Scientists discover almost 35 million years old rare snake fossil from Ladakh Himalaya

 Scientists discover almost 35 million years old rare snake fossil from Ladakh Himalaya
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New Delhi, May 13, 2022: Scientists have reported spotting of the fossil of a Madtsoiidae snake from the molasse deposits of Ladakh Himalaya for the first time indicating their prevalence in the subcontinent for much longer time than previously thought.

Description: F:\WADIA DESKSTOP\Oligocene snake\New folder\JVP Oligocene stuff\Fig. 2 new REAL 1.tif
Figure. Madtsoiidae indet. from Ladakh Himalaya. The specimen WIMF/A 4816 in A, dorsal; B, ventral; C, D, lateral; E, anterior (with detail of subcotylar foramen); F, posterior (with detail of parazygantral foramina) views. Virtual slices of the vertebra with a special emphasis on the parazygantral foramina: G, horizontal; H, coronal.

Madtsoiidae is an extinct group of medium-sized to gigantic snakes, firstly appeared during the late Cretaceous and mostly distributed in the Gondwanan landmasses, although, their Cenozoic record is extremely scarce. From the fossil record, the whole group disappeared in the mid-Paleogene across most Gondwanan continents except for Australia where it survived with its last known taxon Wonambi till late Pleistocene.

Dr. Ningthoujam Premjit Singh (corresponding author), Dr. Ramesh Kumar Sehgal, and Abhishek Pratap Singh from Wadia Institute of Himalayan Geology, Dehradun, India in association with Dr. Rajeev Patnaik and Mr. Wasim Abass Wazir from Panjab University Chandigarh; Dr. Navin Kumar and Piyush Uniyal from Indian Institute of Technology Ropar, and Dr. Andrej Čerňanský of Comenius University Slovakia have reported for the first time a Madtsoiidae snake from the late Oligocene ( part of the Tertiary Period in the Cenozoic Era, and lasted from about 33.7 to 23.8 million years ago) of India or the  molasse deposits of Ladakh Himalaya.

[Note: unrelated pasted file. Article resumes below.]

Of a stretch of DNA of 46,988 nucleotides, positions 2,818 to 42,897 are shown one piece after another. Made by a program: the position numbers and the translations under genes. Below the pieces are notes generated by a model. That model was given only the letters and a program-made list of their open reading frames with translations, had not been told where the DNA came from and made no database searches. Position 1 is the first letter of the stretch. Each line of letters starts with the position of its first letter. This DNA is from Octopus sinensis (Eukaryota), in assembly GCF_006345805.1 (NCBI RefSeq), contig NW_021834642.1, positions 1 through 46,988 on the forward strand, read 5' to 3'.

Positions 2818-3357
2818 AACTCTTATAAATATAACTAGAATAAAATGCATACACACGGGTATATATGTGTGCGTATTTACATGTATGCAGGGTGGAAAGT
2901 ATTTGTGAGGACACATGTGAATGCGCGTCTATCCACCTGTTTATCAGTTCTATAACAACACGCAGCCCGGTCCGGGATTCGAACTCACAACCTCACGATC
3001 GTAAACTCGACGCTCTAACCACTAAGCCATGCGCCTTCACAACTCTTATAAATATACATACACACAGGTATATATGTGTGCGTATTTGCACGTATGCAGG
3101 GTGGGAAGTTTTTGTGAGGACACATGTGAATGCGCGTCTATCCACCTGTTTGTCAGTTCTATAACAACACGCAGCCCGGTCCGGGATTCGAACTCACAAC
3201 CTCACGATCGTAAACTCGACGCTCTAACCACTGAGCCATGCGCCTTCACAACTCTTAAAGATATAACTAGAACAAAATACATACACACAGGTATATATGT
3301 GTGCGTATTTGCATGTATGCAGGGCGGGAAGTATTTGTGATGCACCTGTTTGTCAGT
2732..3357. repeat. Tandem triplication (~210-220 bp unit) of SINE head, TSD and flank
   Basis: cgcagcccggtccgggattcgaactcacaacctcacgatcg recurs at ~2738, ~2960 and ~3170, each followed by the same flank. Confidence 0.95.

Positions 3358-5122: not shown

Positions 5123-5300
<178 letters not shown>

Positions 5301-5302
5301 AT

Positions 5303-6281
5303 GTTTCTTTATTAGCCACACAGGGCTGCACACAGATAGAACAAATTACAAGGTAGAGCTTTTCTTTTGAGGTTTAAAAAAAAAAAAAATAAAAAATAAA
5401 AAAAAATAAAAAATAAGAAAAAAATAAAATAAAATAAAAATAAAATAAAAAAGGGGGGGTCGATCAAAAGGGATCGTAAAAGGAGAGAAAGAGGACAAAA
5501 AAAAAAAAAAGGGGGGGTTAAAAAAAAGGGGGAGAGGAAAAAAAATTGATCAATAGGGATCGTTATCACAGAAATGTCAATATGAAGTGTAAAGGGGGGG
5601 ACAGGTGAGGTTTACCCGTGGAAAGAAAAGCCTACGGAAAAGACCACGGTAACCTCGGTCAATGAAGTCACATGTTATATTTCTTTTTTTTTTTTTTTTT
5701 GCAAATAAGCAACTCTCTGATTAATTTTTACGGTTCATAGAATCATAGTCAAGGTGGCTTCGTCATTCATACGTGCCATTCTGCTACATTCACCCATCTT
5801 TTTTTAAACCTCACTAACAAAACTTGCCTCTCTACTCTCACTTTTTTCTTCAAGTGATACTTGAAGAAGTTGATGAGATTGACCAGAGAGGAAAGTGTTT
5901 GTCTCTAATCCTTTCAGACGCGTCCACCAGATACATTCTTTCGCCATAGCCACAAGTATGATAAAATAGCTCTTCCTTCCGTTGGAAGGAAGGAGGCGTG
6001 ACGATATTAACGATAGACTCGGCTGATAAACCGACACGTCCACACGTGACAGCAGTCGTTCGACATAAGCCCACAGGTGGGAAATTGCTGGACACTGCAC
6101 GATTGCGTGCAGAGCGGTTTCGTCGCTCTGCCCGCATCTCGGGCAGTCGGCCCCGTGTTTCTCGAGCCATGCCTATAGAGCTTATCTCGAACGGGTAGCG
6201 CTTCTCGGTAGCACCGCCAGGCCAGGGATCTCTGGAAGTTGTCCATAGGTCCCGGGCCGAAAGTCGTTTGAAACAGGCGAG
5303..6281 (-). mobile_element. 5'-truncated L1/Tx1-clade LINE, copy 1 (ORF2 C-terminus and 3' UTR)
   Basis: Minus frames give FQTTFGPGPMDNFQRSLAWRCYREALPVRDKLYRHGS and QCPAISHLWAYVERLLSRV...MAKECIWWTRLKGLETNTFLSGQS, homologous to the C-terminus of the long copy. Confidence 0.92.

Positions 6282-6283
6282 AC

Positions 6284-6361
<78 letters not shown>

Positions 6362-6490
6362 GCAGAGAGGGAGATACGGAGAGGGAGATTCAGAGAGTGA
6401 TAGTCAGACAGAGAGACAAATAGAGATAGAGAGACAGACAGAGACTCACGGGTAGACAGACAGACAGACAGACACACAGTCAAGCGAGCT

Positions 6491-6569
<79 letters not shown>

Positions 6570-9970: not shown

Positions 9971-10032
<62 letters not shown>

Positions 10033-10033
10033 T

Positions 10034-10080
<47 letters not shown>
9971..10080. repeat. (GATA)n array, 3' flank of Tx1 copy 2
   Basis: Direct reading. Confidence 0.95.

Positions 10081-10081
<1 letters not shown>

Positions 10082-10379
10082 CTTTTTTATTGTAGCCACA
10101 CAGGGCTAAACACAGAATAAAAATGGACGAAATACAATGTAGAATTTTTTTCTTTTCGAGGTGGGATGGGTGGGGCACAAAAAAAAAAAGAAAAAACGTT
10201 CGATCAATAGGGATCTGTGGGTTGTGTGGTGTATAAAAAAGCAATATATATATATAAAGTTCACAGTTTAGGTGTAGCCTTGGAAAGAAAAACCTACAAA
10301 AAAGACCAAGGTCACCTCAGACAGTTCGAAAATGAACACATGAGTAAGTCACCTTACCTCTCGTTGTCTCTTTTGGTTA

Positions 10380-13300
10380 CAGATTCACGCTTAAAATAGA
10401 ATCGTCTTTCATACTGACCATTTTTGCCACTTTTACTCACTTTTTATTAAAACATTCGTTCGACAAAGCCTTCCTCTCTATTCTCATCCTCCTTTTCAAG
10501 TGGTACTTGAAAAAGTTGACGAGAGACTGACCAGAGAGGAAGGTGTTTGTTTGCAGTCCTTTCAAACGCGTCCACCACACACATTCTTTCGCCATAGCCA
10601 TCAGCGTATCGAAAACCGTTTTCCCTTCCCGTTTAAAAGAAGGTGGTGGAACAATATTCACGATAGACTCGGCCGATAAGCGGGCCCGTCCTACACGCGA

The occurrence of Madtsoiidae from the Oligocene of Ladakh indicates their continuity at least to the end of the Paleogene (geologic period and system that spans 43 million years from the end of the Cretaceous Period 66 million years ago). The research published in Journal of Vertebrate Paleontology shows that the members of this group were successful in this subcontinent for much longer time than previously thought. The global climatic shifts and the prominent biotic reorganization across the Eocene-Oligocene boundary (which correlates to the European Grande Coupure), did not cause the extinction of this important group of snakes in India.

The newly described specimen is housed in the repository of Wadia Institute, an autonomous institute of Department of Science and Technology. 

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